TV Redemption Arcs That Are Way Worse Than You Remember

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Vote up the most undeserved redemption arcs.

In long-running programs, television villains either double down on their villainy and turn into straight-up maniacs or they get redemption arcs and become functioning members of society. Or, shudder to think, a member of the main cast. That's just how it goes for TV characters in the modern era.

Every once in a while, TV redemption arcs are well thought out and satisfying, but more often than not, they're rushed and they ignore all of the horrible crimes the character has committed. The following redemption arcs may have felt like they were earned at the time, but in hindsight, they're lacking something important and emotionally satisfying.

  • Fiona Gallagher - 'Shameless'
    Photo: Showtime

    It's rare that a television character has so many chances to screw up and redeem themselves, but Fiona Gallagher really takes the cake. Throughout her nine-season arc on Shameless, she's unfairly tasked with taking care of her expansive family, and rather than rise to the occasion, she routinely puts them in a worse situation than they've been left by their alcoholic father.

    By the end of her run on the show, Fiona nearly bankrupts her family and leaves her younger siblings to take care of her while she follows in her father's footsteps. Eventually, she gets her act together and attends AA, which should be the beginning of her redemption arc, but instead, she gets a win that's so ridiculous that it's hard to understand why she was written out of the series on such a high note.

    After hitting rock bottom and getting a job at a gas station to keep herself afloat, she literally has 100K fall in her lap when an old investment pays off. A character shows up that the audience hasn't seen for episodes upon episodes and offers Fiona $100,000 as an upfront payment rather than making her wait for the money to trickle in.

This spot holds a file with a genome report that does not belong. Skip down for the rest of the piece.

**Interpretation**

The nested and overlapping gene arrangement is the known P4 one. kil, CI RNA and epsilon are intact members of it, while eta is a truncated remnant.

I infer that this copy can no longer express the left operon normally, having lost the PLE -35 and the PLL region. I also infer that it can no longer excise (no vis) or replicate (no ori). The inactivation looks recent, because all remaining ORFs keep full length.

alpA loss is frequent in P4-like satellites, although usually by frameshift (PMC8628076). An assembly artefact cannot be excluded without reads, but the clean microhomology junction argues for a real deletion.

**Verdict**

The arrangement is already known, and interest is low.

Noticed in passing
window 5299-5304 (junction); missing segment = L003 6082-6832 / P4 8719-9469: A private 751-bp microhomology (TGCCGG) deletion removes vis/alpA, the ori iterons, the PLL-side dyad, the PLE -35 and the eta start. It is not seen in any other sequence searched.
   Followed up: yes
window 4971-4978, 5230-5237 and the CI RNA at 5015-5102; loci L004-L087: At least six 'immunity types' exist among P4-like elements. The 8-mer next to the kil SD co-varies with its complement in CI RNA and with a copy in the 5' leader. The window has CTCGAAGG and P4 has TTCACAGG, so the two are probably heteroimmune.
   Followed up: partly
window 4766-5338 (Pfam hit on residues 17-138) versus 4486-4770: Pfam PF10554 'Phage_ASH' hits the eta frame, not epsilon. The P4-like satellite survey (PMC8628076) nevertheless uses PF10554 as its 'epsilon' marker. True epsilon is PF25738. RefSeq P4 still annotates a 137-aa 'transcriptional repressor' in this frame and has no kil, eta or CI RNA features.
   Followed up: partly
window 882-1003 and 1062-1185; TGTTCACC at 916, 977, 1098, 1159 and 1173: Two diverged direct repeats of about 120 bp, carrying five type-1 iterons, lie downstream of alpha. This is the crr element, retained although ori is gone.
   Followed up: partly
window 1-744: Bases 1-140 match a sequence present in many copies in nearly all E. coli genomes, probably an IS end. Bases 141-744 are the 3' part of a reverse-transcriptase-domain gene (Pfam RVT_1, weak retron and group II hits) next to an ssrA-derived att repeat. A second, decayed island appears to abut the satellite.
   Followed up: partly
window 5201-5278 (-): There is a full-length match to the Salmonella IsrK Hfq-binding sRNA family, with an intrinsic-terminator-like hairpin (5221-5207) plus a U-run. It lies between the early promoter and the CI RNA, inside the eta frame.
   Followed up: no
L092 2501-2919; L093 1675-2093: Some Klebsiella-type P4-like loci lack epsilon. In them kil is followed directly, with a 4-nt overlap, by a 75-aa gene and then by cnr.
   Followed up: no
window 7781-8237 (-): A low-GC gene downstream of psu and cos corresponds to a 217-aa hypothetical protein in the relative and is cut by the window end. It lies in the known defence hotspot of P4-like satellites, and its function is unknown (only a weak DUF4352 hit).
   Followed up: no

• Ari Gold - 'Entourage'
    Photo: HBO

    How is Ari Gold a beloved character? He's a misogynist, he's homophobic, and an absolute jerk to everyone around him aside from his favorite client, Vincent Chase (to whom he's a complete sycophant).

    Listing everything awful that Gold does throughout Entourage would just turn this into the character's Wiki page, but in short, he cheats on his wife constantly while berating her for wanting him at home and he's capital H homophobic to his assistant again and again with no backlash. In fact, he just gets more power in Hollywood. Is that how things really go in Lipstick City? Absolutely. But that doesn't mean that audiences want to see gross dudes winning in our fictional entertainment.

    Gold ends the series with his marriage back in place, and a job offer to be chairman and CEO of Time Warner. Nice guys really do finish last.

  • Jaime Lannister - 'Game of Thrones'
    Photo: HBO

    Remember when Jaime Lannister pushed a child out the window, rendering him disabled, before hooking up with his sister Cersei? That's basically the opposite of saving the cat. After starting out on top of the Game of Thrones hierarchy, Jaime is knocked down as low as a character can go and eventually has his sword hand chopped off after he's captured by some House Bolton soldiers.

    The newly handless Jaime begins a complex redemption arc that sees him rescue Brienne of Tarth from a bear, but the whole thing is derailed when he sexually assaults Cersei. It doesn't really matter that Jaime is humbled or that he gives his life for Cersei in the finale, because it's clear he views women as nothing more than sexual objects.

  • Damar, Gul Dukat's second in command on Star Trek: Deep Space Nine, spends most of the series sneering and generally acting like a jerk. He plays a major part in the Cardassian genocide of the Bajorins, but even after their war comes to an end, he refuses to see the race he helped enslave and kill as worthy of his respect.

    His face turn is a slow burn across the final seasons that sees him turn his back on his old boss while working with the Dominion to take over the Alpha Quadrant. It's obvious that the work wears on him, but rather than remove himself from the situation, he drinks himself into a stupor. When he finally decides to do something, he turns to domestic terrorism and becomes a hero to the people of Cardassia by embracing the teachings of a Bajoran. His lengthy redemption is meant to have weight, but it feels unearned.